Circumnavigating the UK in a Leisure 27, Part 13 - Stranraer - Weather Bound!
Monday August 8 - Stranraer Marina and the Stranraer Jig
The wind and rain came from the west on Sunday. No boats stirred from the marina which is now pretty full with crews seeking protection from the weather. On Monday the wind shifts to the north west and brings the dreaded 'Stranraer Jig'.
Stranraer marina is well sheltered in south, south west and west winds, but when the wind shifts to the north or north west, a most uncomfortable swell is funnelled eight miles down Loch Ryan, pretty well straight into the marina.
It seems the marina breakwater was not built long enough to give full protection. In the swell yachts pull and jerk at their moorings whilst the pontoons become a fairground ride.
A notice at the marina entrance warns that in strong northerly winds, life jackets should be worn on the pontoons and it is not advisable to venture there alone.
By Tuesday afternoon it is almost impossible to stand upright inside the boat as it rolls and pitches. The snatching and groaning of the mooring ropes eventually drives most of us to the local cafes. It does not calm down till after 20.00.
Tuesday August 9 - Stranraer To Belfast by Stena Line
The forecast for Tuesday promises more strong north westerlies so everything is battened down on Dark Star and I depart on the early Stena Line ferry from Cairnryan (4 miles north) on a day visit to Belfast to see the Titanic exhibition.
I catch the bus from Stranraer to Cairnryan port, paying £1.80 and was the sole passenger! The huge Stena Line ferry makes short work of the Force 6/7 north westerly in the North Channel crossing to Belfast.
However the swell looks horrible in the channel where tides can run up to 5 knots. The crossing takes just over 2 hours.
The exhibition was built on part of the huge dock and slipway which gave birth to Titanic. The PO liner Arcadia berthed in Belfast this morning and consequently the exhibition site is very busy.
I am a bit disappointed by the exhibition. Titanic was a disaster which claimed over 1500 lives. At the entrance it seems hardly appropriate to be herded before a camera in a Titanic hat, for a souvenir photo.
The business also causes delays and a bottleneck. I decline the offer, along with two other queueing families, but it's not an encouraging start. Curmudgeon?
There are some highlights; the 3D representation, moving up through the decks from the boiler room to the Bridge is good, as is the extended film taken by submersibles when Titanic was finally discovered on the ocean bed.
Some of this film has been shown on television, but it looks much more impressive on a very large screen.
Belfast City Hall is a winner.
After couple of hours I head off back to Belfast city centre. Unlike most cities in Scotland which are built of stone (often granite), Belfast is steadfastly red brick Victorian.
Unfortunately once a couple of motorways have been slung over a city centre, attempts at restoration and regeneration face an uphill task. However there's not much wrong with their Burger King.....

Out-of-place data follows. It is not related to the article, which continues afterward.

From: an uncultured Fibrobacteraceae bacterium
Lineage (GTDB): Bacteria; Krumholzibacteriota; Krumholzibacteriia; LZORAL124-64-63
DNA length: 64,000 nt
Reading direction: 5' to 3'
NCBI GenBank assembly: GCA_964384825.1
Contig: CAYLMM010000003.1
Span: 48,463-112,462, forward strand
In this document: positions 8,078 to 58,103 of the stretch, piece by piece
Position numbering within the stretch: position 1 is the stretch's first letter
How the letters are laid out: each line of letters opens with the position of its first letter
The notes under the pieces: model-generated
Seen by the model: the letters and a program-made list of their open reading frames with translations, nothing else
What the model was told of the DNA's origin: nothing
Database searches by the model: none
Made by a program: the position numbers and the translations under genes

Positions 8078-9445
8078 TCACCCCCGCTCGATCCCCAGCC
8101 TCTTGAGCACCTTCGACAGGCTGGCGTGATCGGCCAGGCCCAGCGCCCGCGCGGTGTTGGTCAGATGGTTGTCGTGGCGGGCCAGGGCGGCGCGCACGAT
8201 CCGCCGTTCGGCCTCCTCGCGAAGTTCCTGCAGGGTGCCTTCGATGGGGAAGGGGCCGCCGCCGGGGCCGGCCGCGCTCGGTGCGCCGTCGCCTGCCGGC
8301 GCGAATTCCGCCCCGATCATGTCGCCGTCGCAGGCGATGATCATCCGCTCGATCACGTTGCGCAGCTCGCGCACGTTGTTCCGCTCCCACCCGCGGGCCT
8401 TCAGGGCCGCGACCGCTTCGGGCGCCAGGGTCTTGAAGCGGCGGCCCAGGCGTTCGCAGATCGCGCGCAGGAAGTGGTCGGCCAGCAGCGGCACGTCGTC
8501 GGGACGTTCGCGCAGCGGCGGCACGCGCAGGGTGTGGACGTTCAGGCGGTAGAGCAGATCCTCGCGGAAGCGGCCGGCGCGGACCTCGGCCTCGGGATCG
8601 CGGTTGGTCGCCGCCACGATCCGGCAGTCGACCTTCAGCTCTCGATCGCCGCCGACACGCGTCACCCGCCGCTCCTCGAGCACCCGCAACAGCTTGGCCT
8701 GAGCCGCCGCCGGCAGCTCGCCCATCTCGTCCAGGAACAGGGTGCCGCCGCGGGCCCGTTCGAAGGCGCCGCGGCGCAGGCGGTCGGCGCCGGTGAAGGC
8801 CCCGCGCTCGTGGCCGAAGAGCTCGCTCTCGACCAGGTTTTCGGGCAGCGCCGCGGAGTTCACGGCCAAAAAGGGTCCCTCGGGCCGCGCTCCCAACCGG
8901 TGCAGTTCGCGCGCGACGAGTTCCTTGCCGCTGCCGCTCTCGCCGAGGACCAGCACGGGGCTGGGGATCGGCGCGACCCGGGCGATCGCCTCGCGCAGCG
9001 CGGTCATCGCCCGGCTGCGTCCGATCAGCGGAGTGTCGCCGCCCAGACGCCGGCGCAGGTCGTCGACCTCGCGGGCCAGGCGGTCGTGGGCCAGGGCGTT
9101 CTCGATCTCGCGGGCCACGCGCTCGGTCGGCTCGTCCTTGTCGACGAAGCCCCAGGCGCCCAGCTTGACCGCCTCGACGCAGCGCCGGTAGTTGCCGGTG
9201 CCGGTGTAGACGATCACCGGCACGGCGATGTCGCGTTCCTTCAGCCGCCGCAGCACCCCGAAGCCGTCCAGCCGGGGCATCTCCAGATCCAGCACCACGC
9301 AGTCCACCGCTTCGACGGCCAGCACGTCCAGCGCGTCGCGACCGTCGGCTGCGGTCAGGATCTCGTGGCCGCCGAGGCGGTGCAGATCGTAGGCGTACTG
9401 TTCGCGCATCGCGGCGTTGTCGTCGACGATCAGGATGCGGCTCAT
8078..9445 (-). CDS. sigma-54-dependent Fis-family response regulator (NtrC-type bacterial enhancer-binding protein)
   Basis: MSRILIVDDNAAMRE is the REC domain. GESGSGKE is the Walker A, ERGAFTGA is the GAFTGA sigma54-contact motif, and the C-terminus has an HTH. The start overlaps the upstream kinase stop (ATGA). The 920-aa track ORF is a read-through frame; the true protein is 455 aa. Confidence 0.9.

The imposing Belfast City Hall dominates the city centre and proves the real highlight of the visit. Belfast was a booming city in the 1890's providing linen and rope making, shipbuilding, engineering and tobacco manufacture.
Fortunes were made and in 1898 the building of this magnificent town hall confidently proclaimed the arrival of this rapidly expanding new city in Queen Victoria's Empire.
Admission to the City Hall plus a 90 minute guided tour is free. It is still a working building, holding council meetings each week, plus civic events in the Great Hall. A fascinating tour and recommended.
The last ferry back from Belfast is pretty raucous. It's pitch dark on arrival, but the bus back to Stranraer thankfully appears at 22.00. I stump up another £1.80 and as earlier, am the sole passenger!
Wednesday August 10 Stranraer Marina - Weather Bound
It's pouring rain and the weather looks pretty hopeless until a possible weather window on Saturday and Sunday. In the meantime, have decided to take the train to visit relatives in Musselburgh and return to Dark Star on Friday.
The swell coming down the loch is making it very uncomfortable on board.
Friday August 12 Stranraer Marina - Still Weather Bound
It rains as expected on Thursday and Friday adds force 6 winds, but I have a nice break, making the journey by train over to Musselburgh to be looked after by my sister Kathleen and brother in law, Jim.
Those who know the family will be pleased to know that 'Calum's Hoose' has just the four walls and the roof still in place, but the big refurbishment is well under way.
Calum reports that when he come across any large hole, the urge to throw money into it is hard to resist.
I'm sure it will all be worth it. Sailing round the UK seems a stress free doddle compared to the complexities of 'Calum's Big Project'
Saturday August 13 Stranraer Marina - Stilll Weather Bound
A rare area of high pressure will cover the UK on Sunday. After being stuck in Stranraer for a week I hope to take maximum advantage of the high pressure to make some big strides south.
The Isle of Man and Holyhead on Anglesey are in the sights. The wind may be light so the engine will be providing most of the propulsion. Well that's the plan.....
Thanks for reading this.